Geoffrey P. Miller (NYU): Property in the Bible. The Bible is more accessible now than anytime in history; work to translate into every tongue hastens Jesus' return? A Costco in Simi Valley found itself in a flap after a local pastor posted a photo on Twitter showing Bibles at the big-box store labeled as fiction. From Cracked, Luke T. Harrington on 6 filthy jokes you won't believe are from the Bible; and a look at the 16 most bizarre moments in the Bible. King David, “vile human being”: The Biblical hero seems to have been a terrible person, argues Joel S. Baden. Jay Parini on Jesus’ resurrection: What really happened? The science behind Jesus Christ: Deirdre Rose on the scientific explanation of God. Did Jesus drink wine? Tom Roberts investigates. Thomas Larson on the social authorship of the Bible. Joan Acocella on justice, Old Testament-style: The biblical book of Job is bewildering, from beginning to end — is there any moral sense in its random violence? Timothy Michael Law reviews The Historical David: The Real Life of an Invented Hero by Joel Baden. Esther Inglis-Arkell on the 9 most baffling passages in the Bible, and what they really mean. Matthew V. Novenson reviews The Invention of the Biblical Scholar: A Critical Manifesto by Stephen D. Moore and Yvonne Sherwood. Greg Carey reviews The Bible and the Believer: How to Read the Bible Critically and Religiously by Marc Zvi Brettler, Peter Enns, and Daniel J. Harrington. Newly translated pre-Biblical tablet describes a great flood and a “rescue boat” with wild animals aboard — in pairs! The whole Bible thing is b.s. because of camel bones, says science. Rob Bricken on ​God's 12 biggest dick moves in the Old Testament.

Patrick Keenan (Illinois): Conflict Minerals and the Law of Pillage. Lihi Yona (Columbia): Pornography as a Health Hazard: Rethinking Pornography Through Rethinking Health. From Rationality, Markets and Morals, Vanessa Scholes (Open Polytechnic): You Are Not Worth the Risk: Lawful Discrimination in Hiring. From The Washington Monthly, a special section on marijuana legalization, including Mark Kleiman on how not to make a hash out of cannabis legalization: Leaving it to the states is a recipe for disaster. From The Economist, the Schumpeter columnist asks, “What exactly is an entrepreneur?” Russian Soyuz flights are NASA's only way to get astronauts to and from the International Space Station — what happens if they cut us off? Olga Khazan on how rich, white, healthy people are most likely to hate Obamacare — and people who benefit from the law are more likely to view it negatively than positively. Lessons on writing, culture, and Jose Rizal: Gina Apostol reviews Why Counting Counts: A Study of Forms and Consciousness and Problems of Language in Noli Me Tangere and El Filibusterismo by Benedict Anderson. Foreign buyers eyeing Forbes magazine, a chronicler of the world’s wealthiest. Public awareness of Bitcoin has never been higher, but few are aware that its origins are a mystery — a secretive programmer called “Satoshi” invented the currency and still holds more than four per cent of all coins in existence; who is he and what is his plan? During his 1945 Nobel Prize acceptance speech, the inventor of penicillin warned of a drug-resistant future — that future is imminent.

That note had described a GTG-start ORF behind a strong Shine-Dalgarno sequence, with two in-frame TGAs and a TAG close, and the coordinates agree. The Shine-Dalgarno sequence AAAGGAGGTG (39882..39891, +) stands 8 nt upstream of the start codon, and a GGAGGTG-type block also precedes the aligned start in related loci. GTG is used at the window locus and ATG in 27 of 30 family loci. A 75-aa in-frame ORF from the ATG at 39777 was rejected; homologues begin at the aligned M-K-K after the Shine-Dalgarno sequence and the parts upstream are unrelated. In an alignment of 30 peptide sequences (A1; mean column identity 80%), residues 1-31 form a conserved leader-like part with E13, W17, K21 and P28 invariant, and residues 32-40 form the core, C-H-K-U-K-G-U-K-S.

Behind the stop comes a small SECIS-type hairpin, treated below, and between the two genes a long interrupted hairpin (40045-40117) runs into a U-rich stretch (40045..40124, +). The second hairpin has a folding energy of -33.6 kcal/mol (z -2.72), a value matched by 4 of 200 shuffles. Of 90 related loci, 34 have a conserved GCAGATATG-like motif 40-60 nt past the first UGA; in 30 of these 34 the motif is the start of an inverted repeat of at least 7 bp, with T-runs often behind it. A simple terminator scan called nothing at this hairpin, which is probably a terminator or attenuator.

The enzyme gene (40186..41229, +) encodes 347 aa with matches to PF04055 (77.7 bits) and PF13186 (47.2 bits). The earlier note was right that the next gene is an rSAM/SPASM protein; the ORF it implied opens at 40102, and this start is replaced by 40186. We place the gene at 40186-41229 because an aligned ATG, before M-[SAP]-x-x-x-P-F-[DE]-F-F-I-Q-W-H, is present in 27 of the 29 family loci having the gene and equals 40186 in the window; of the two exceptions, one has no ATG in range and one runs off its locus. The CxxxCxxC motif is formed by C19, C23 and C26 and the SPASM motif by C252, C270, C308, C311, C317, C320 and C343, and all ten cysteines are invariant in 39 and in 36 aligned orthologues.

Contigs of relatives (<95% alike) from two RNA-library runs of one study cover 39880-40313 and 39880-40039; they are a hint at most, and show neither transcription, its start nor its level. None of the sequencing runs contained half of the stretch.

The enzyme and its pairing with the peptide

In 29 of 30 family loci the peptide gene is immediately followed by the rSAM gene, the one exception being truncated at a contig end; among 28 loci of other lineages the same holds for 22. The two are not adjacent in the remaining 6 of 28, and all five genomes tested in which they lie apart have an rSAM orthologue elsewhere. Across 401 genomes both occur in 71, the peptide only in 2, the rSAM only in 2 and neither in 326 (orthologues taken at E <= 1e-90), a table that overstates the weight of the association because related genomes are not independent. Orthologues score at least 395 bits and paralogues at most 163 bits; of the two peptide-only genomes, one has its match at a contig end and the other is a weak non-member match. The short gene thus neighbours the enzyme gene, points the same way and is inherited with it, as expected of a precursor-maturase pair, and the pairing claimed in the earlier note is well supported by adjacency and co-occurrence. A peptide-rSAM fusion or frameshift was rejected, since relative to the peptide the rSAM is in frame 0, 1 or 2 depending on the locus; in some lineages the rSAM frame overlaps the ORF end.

From TNR, Oleg Kashin on how Russia has always thought of eastern Ukraine as Russian land; beneath the hypocrisy, Putin is vulnerable — Timothy Snyder on where his soft spots are; and James Goldgeier on why the U.S. must isolate Russia for the sake of nuclear nonproliferation. Jeremy Bernstein on a nuclear Ukraine. Henry Farrell on being truly pessimistic about the Ukraine crisis’s geopolitical consequences. Former ambassadors to Ukraine William Taylor, Steven Pifer and John Herbst on why Ukraine must exercise restraint in the face of Russian aggression. Ben Judah on why Russia no longer fears the West. Some welcome the Russian military, others are scared: Lucian Kim on relief and fear in a divided Crimea. Anatol Lieven on why Obama shouldn’t fall for Putin’s Ukrainian folly. Preaching to the choir: Yana Gorokhovskaia on the Crimea and Putin’s domestic audience. Paul Goode on how Russian nationalism explains and does not explain the Crimean crisis. Will Russia make a legal argument to justify its intervention in Ukraine (and more), and did Ukraine consent to its own invasion? Ashley Deeks on what international law says about Russia's intervention in Ukraine. Hayes Brown on how international organizations are responding to the Ukraine crisis. David Rieff on how the U.S. debate over Ukraine has everything to do with Iran. From New York, Joe Coscarelli on what Obama should do about Russia, according to everyone; and Benjamin Wallace-Wells on the misplaced question of Obama’s “toughness”. Robert Farley on the resolve fairy and the precedent fairy. When the right loved Vladimir Putin: Back when Putin was in the news for oppressing LGBT people, many conservatives said he had his virtues.